The American Revolution finally ended for Vermont in Oct. 28, 1790, when the state offered to pay New York $30,000 ($770,000 in 2014 dollars). In exchange, New York would release all claims against land in the future Green Mountain State. New York accepted the deal, clearing the way for Vermont statehood the following year.
Vermont’s tortured journey to statehood was mired in a decades-old struggle between New Hampshire on one side and New York on the other. In between stood the irascible Allen boys, Ira and Ethan (with their Onion River Land Company). Also in the way: Thomas Chittenden, Vermont’s first governor (and president of Vermont when it operated as an independent republic).
Vermont Statehood Uncertain
By 1790, the issues over Vermont statehood were pretty well resolved, but 10 years earlier nothing had been certain. The trouble started decades earlier when Benning Wentworth, New Hampshire’s colonial governor, began issuing land grants in Vermont.
The King of England invalidated those grants, instead authorizing New York governor George Clinton to distribute the land.
Not surprisingly, the Vermonters already occupying the land took the decision badly. Calling themselves the Green Mountain Boys, they then began running off New York surveyors, judges and anyone else who came to Vermont to enforce the king’s wishes.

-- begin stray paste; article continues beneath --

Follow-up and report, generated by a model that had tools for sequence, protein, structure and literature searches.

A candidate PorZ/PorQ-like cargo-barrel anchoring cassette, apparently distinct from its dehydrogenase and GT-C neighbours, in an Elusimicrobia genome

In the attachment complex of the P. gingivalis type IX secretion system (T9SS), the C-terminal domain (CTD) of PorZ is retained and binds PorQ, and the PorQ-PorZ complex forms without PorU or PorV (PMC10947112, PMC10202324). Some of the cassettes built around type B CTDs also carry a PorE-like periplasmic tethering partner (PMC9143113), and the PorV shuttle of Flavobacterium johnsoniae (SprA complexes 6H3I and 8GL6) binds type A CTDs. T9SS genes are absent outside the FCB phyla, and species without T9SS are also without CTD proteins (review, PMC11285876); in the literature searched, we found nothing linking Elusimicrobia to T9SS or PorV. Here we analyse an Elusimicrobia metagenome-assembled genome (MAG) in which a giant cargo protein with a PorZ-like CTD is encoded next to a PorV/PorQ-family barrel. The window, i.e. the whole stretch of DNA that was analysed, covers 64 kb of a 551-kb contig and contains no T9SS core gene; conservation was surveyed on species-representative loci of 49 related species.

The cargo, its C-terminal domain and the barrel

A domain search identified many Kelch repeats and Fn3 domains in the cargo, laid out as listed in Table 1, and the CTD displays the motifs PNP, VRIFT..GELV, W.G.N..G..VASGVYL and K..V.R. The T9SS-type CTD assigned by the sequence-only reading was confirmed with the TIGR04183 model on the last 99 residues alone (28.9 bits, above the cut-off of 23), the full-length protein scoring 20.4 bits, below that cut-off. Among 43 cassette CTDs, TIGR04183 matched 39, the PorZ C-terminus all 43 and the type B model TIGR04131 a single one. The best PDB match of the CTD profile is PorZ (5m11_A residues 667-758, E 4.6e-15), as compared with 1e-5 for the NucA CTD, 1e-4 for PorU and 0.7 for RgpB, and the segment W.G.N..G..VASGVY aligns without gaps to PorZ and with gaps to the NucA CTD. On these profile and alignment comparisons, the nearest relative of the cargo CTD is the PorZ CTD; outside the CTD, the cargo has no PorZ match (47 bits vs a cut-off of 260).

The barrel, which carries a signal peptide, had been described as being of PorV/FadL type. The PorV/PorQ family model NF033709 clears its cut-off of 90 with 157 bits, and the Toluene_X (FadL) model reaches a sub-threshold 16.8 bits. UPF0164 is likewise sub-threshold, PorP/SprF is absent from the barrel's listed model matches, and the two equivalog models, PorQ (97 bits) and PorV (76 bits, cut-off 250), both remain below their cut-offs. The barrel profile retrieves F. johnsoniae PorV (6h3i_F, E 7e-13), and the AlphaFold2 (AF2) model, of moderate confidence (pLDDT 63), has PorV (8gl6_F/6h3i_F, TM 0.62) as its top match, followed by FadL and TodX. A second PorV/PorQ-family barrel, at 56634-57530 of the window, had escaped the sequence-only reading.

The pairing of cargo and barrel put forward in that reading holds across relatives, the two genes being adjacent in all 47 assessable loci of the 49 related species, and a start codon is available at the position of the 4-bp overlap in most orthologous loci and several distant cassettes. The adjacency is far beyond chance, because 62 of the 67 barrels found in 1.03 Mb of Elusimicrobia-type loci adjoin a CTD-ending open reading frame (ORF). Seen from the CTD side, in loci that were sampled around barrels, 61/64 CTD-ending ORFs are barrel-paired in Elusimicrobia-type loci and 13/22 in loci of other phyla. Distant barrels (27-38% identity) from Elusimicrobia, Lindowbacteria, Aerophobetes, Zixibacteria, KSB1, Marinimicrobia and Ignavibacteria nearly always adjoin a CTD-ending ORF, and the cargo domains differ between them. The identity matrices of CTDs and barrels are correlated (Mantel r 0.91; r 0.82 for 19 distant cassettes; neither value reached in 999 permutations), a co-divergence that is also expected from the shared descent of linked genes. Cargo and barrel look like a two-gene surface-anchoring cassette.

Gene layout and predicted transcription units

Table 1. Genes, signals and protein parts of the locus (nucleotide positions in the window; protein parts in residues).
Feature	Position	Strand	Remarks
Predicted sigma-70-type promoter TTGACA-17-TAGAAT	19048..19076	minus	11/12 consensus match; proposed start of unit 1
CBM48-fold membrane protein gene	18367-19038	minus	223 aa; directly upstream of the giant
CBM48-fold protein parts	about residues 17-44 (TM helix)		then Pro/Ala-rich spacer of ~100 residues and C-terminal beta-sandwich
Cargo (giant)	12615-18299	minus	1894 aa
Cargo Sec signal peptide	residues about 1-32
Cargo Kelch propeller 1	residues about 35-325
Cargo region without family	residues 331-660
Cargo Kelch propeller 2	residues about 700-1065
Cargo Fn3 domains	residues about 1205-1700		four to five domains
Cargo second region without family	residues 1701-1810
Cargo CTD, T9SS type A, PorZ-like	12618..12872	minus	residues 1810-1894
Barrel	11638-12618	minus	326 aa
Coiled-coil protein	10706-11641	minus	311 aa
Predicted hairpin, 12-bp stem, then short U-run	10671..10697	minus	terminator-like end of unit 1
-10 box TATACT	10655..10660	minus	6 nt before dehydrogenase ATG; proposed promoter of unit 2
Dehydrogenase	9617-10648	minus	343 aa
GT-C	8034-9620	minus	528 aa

When the American Revolution broke out, Vermont found itself in a strange predicament. Its people mostly supported the American side. But New Hampshire and New York blocked it from having much influence in the Continental Congress. Both resisted Vermont’s efforts to form a government of its own and join the Congress.
For a while the Allens even entertained the notion of attaching to Quebec as a British colony. Faced with the prospect of losing Vermont altogether, representatives of other colonies then began softening their positions.
Settling first with New Hampshire, Vermont established the Connecticut River as a boundary. However, many towns along both sides of the river wanted to remain united as part of the same state (either Vermont or New Hampshire). Vermonters then agreed to make no claims west of the western border of Massachusetts, though some in the border regions wanted to remain part of New York.
Finally, the leading families of Vermont, with Chittenden in the lead, agreed to make the offer that New York accepted in 1790.
Ethan Allen never made it to statehood, dying unexpectedly in 1789. By the time of his death, he had made himself widely unpopular, not only for trying to ally with the British but for publishing a book attacking the Bible. News of his death brought no mourning from many public figures. Ira and Chittenden, however, made it to the goal line.
With Vermont established, Ira Allen would move on to cook up a scheme to take over Canada, with French assistance. The British, however, stopped him before he put his plan into action.
This story last updated in 2023. Images: Ira Allen By pohick2 – originally posted to Flickr as 1941.5.3, CC BY-SA 2.0, https://commons.wikimedia.org/w/index.php?curid=6076872.